An Ethnophenomenographic Approach to Subjectivity

Brylla, Catalin (2014) An Ethnophenomenographic Approach to Subjectivity. In: Directions and Connections across Anthropology, 24 June 2014, University College London.

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Abstract

This paper discusses my practice-based ethnographic research, which explores the audio-visual representation of blindness and subjectivity through documentary film form.

The portrayal of blindness in Western culture has largely constituted of stereotypical representations, branding blind people as either unfortunate, disabled, traumatised or deprived, or exotic, mysterious and supernatural (Barasch, 2001). This exclusive focus on the ‘extraordinary’ has come at the expense of omitting the ‘ordinary’. Corbella and Acevedo (2010) state that “it is infrequent to find characters with visual impairment represented as people who do housework, go shopping, or travel; that is, coping with the everyday tasks that are common to all people”.

Consequently, my ethnographic films endeavour to map blind people’s subjectivity through studying their everyday practices in relation to domestic artefacts in which they invest emotions and feelings (Baudrillard, 2005). Using Husserl’s phenomenological concept of the epoché, my field work attempts to identify and represent these artefacts that are peripheral and “blindingly” obvious, using two essential interventions by anthropologist Daniel Miller (2010): Firstly, Miller dismisses the semiotic dualities of subject/object and interior/exterior, claiming that objects make us, as part of the same process by which we make them (objectification). Secondly, Miller believes that objects are not intrinsically good or bad, but contradictory. Everything we produce has a tendency to autonomous interest and the potential to oppress, rather than serve. Therefore, my films represent objects and spaces as embodied experiences of the subjects, as well as contradictory and multi-layered entities.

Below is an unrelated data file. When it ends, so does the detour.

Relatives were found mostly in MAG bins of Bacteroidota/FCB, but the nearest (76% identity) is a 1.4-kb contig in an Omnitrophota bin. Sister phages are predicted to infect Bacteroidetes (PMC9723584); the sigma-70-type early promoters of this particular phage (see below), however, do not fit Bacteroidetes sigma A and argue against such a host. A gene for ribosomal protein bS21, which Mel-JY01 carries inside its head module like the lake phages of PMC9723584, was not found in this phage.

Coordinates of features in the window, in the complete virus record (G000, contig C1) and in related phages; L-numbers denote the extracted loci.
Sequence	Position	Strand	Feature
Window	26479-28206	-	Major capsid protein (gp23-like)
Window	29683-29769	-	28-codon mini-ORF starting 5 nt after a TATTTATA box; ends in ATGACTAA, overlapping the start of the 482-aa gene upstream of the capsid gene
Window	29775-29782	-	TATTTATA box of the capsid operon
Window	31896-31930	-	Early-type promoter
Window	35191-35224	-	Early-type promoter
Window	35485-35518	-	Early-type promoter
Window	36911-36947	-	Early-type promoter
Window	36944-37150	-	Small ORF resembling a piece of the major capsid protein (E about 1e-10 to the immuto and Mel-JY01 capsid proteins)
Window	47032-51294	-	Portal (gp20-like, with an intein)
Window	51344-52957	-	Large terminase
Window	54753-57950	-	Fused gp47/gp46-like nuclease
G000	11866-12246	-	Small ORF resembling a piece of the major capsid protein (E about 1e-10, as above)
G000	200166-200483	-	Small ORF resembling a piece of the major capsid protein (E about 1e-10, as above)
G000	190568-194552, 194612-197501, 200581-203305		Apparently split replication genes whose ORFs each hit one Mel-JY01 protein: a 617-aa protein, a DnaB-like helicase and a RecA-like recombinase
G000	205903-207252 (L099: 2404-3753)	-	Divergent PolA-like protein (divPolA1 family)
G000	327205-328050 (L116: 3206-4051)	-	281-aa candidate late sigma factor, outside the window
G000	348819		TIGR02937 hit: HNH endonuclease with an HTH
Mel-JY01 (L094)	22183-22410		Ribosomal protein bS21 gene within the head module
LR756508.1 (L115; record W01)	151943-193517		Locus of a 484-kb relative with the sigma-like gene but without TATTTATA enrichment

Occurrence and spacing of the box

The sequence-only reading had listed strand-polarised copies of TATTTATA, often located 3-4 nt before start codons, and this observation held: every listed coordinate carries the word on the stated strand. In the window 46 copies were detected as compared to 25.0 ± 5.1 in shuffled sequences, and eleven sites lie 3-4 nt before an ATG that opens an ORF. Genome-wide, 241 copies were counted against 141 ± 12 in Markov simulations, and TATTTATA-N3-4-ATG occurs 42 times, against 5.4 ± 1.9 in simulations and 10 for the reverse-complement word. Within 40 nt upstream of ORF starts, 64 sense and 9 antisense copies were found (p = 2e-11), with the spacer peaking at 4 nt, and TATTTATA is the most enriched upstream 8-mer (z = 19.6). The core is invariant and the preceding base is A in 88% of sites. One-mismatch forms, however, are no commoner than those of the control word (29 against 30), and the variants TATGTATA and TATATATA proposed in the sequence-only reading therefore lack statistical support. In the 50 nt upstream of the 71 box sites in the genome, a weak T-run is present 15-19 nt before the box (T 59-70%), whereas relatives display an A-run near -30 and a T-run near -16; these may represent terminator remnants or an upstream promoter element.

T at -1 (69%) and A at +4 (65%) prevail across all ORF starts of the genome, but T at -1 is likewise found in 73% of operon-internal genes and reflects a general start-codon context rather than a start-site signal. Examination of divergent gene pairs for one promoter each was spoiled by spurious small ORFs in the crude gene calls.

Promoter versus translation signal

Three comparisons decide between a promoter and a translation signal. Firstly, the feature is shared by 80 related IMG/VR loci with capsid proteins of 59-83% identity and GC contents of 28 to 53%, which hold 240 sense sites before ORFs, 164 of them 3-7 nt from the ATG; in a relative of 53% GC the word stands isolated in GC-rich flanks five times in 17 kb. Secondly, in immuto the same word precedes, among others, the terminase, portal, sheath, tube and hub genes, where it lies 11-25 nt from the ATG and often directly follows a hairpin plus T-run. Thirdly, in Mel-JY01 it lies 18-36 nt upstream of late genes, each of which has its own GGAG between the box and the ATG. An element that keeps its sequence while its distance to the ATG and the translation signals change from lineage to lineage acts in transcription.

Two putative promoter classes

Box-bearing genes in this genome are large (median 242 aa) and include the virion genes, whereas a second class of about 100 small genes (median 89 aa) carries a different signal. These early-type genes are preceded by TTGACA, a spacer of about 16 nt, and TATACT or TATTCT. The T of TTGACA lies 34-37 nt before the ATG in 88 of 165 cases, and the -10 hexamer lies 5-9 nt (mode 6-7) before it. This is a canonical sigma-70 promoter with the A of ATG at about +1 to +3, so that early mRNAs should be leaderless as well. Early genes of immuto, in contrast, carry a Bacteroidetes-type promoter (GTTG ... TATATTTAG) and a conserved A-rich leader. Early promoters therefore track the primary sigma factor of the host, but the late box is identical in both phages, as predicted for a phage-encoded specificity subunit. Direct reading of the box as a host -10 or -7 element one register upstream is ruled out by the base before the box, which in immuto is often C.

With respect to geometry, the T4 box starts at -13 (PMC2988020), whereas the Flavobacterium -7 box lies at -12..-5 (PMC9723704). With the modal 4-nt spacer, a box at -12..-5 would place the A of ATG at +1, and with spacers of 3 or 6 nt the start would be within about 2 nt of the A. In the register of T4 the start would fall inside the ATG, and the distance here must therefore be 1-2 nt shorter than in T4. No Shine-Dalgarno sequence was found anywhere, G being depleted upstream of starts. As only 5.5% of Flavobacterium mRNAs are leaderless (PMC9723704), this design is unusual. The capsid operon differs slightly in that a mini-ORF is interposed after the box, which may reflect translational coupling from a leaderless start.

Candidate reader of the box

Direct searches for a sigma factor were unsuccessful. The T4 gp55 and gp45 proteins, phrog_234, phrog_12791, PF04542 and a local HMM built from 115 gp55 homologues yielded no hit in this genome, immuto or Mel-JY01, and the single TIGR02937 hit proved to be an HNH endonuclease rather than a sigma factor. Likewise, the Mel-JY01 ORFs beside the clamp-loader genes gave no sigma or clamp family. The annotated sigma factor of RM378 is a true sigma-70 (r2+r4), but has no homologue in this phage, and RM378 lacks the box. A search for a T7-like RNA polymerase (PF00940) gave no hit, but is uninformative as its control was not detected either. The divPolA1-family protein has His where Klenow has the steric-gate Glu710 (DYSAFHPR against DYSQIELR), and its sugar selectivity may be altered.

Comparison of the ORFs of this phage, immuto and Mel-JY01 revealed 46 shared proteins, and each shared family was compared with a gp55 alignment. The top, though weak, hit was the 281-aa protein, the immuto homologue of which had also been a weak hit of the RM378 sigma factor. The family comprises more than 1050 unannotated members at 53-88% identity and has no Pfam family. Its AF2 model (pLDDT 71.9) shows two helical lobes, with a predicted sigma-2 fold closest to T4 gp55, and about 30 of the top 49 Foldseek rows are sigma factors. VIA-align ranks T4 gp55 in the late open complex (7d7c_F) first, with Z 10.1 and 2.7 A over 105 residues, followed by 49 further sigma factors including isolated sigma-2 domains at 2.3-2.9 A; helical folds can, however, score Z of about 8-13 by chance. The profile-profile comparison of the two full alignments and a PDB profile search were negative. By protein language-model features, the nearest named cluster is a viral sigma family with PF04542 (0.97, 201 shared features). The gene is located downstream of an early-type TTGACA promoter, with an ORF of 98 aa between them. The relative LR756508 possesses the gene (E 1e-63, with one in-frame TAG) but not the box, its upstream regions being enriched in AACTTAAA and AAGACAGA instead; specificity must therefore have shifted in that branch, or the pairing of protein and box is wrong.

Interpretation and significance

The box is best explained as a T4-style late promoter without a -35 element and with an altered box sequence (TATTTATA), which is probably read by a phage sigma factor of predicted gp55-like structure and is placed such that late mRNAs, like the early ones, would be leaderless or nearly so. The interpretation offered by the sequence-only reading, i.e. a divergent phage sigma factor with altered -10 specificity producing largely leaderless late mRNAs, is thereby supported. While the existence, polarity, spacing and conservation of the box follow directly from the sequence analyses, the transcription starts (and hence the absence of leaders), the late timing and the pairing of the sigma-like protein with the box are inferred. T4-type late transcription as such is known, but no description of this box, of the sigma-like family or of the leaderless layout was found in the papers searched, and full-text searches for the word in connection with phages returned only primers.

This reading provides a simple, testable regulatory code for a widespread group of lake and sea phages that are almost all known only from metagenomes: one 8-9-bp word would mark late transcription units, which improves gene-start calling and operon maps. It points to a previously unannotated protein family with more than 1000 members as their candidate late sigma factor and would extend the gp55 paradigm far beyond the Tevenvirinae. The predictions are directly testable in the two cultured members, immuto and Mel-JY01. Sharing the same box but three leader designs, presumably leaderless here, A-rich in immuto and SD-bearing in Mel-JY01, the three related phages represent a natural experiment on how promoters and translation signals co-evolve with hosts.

This ethnophenomenographic approach needs to be regarded as a two-level process where the first level includes the gathering and analysis of field data, for which I propose a phenomenological methodology. The second level constitutes the representation of that data through audio-visual means, for which I employ audience reception theories that potentially render phenomenological data into an audio-visual narrative form with intersubjectively shareable meanings, thus translating the everyday experiences of blind characters on-screen into an equivalent (not identical) sensory experience of the viewer.

Item Type: Conference or Workshop Item (Paper)
Subjects: Film and television
Depositing User: Catalin Brylla
Date Deposited: 15 Feb 2016 20:55
Last Modified: 25 Oct 2016 10:44
URI: http://repository.uwl.ac.uk/id/eprint/1617

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